# Relativistic momentum

1. Jun 24, 2010

### fys iks!

1. The problem statement, all variables and given/known data

A photon of momentum P strikes a nucleus at rest and s absorbed. If The final (excited)
nucleus is M calculate its velocity.

2. Relevant equations

p = mv/(gamma)

3. The attempt at a solution

P = Mv/gamma

P^2 - (Pv/c)^2 = (M^2)(v^2)

P^2 = (Mv)^2 + (Pv/c)^2

V = P / sqrt( (M^2) + ((P^2)/(C^2)) )

The answer in the back is

P(C^2) / sqrt((M^4)(C^2) + P(C^2))

2. Jun 24, 2010

### dulrich

Your first formula is wrong. Should be $p = \gamma mv$.

There are a couple of other equations to consider using also (though there is nothing wrong with your derivation):

$$E^2 = p^2 c^2 + m^2 c^4$$

$$E = \gamma mc^2$$

$$pc^2 = Ev$$

3. Jun 24, 2010

### Rasalhague

I get the same answer as you, fys iks, starting out from $p=Mv \gamma$. The units in the book's answer aren't consistent.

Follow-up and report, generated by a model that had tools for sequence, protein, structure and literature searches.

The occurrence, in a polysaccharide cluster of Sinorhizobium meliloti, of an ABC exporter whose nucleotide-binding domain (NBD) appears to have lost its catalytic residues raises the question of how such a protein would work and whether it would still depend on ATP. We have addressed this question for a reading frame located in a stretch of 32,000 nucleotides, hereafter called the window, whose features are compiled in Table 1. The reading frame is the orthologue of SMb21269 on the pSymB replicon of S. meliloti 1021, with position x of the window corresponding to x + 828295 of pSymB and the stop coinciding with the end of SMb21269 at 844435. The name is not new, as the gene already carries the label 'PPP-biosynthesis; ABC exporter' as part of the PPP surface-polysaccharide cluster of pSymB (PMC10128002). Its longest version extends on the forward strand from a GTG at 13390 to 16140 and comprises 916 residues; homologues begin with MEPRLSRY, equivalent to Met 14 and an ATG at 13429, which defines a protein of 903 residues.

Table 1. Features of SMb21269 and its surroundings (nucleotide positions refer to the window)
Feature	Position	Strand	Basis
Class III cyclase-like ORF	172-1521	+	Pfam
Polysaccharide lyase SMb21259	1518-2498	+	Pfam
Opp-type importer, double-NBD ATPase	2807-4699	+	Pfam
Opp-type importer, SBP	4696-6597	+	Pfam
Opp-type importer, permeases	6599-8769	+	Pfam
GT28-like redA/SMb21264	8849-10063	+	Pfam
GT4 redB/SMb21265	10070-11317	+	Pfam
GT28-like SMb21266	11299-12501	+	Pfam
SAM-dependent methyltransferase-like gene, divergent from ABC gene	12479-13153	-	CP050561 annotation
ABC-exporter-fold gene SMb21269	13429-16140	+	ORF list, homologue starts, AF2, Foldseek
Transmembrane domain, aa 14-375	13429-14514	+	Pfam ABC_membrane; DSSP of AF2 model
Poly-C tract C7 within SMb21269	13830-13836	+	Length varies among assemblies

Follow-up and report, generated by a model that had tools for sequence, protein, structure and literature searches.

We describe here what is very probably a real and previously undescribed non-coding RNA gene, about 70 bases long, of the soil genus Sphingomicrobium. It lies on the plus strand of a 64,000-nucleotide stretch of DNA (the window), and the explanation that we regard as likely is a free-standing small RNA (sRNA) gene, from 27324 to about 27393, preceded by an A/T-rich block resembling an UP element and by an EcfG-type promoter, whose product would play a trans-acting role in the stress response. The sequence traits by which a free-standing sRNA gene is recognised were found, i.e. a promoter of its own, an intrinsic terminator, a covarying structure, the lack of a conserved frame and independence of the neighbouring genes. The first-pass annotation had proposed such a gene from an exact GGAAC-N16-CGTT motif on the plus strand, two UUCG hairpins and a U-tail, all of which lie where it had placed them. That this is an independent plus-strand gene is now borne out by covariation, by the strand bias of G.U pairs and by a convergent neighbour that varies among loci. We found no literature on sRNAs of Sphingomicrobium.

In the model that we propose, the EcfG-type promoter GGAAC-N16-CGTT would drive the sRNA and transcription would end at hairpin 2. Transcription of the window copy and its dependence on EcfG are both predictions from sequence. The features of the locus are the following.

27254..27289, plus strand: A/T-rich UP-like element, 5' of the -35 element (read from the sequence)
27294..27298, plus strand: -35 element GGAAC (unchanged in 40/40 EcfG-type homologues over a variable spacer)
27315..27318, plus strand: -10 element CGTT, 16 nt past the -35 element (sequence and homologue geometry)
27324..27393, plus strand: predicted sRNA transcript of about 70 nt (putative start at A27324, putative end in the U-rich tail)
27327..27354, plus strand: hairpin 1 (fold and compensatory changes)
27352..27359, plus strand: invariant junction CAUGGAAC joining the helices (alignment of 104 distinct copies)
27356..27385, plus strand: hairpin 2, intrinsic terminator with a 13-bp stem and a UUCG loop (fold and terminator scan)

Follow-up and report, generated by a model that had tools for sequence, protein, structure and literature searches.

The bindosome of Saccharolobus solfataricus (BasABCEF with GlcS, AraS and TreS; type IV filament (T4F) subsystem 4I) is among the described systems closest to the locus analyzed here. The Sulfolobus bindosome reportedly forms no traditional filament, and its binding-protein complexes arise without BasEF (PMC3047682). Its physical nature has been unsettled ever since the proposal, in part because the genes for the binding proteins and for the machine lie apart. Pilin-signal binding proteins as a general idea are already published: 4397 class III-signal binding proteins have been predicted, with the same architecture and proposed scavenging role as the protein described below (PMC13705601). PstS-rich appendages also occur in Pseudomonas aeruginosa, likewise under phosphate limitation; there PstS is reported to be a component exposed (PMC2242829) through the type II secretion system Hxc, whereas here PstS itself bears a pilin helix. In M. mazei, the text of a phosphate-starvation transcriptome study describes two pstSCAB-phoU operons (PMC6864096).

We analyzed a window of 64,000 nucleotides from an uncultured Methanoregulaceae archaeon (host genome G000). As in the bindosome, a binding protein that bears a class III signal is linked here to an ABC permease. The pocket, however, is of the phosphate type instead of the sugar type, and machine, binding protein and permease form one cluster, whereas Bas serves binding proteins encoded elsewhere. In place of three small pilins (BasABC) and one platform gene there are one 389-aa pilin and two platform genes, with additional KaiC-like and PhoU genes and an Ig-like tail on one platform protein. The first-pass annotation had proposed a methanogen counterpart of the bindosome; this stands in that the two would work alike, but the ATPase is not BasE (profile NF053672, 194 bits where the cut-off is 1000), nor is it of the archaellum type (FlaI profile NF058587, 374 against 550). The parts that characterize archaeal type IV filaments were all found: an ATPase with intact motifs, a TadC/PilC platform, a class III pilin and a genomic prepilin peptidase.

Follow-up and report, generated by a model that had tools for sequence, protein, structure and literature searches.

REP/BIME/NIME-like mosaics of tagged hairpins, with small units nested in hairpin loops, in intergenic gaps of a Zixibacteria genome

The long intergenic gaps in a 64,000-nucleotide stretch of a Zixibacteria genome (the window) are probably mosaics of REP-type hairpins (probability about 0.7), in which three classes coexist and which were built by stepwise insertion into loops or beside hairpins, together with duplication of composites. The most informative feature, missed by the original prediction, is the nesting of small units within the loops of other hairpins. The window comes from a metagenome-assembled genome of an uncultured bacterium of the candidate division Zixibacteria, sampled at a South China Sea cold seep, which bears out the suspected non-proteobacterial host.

4. Jun 24, 2010

### Rasalhague

In this problem, we don't know the energy, but we do know 3-momentum and mass, so it should be just a matter of solving $p = \gamma mv$ for v, shouldn't it?

5. Jun 25, 2010

### fys iks!

yes, energy isn't introduced until the next chapter. I found a similar question and tried out my equation and it worked so i just think the book made an error.

Thanks

6. Jun 25, 2010

### dulrich

It's the exponent of 4 that makes me think of the first equation I posted. I'm guessing the author of the solution was probably thinking like this:

Divide numerator and denominator by c2 and you get your answer. A couple of typos in the denominator explains the mistake in the book (though that's no excuse). That's where my thinking was going when I provided the formulas. It's a bit quicker, but mathematically the same as your approach.

7. Jun 25, 2010

### Rasalhague

Oh, I see, yeah, that's simpler than messing around with the gamma.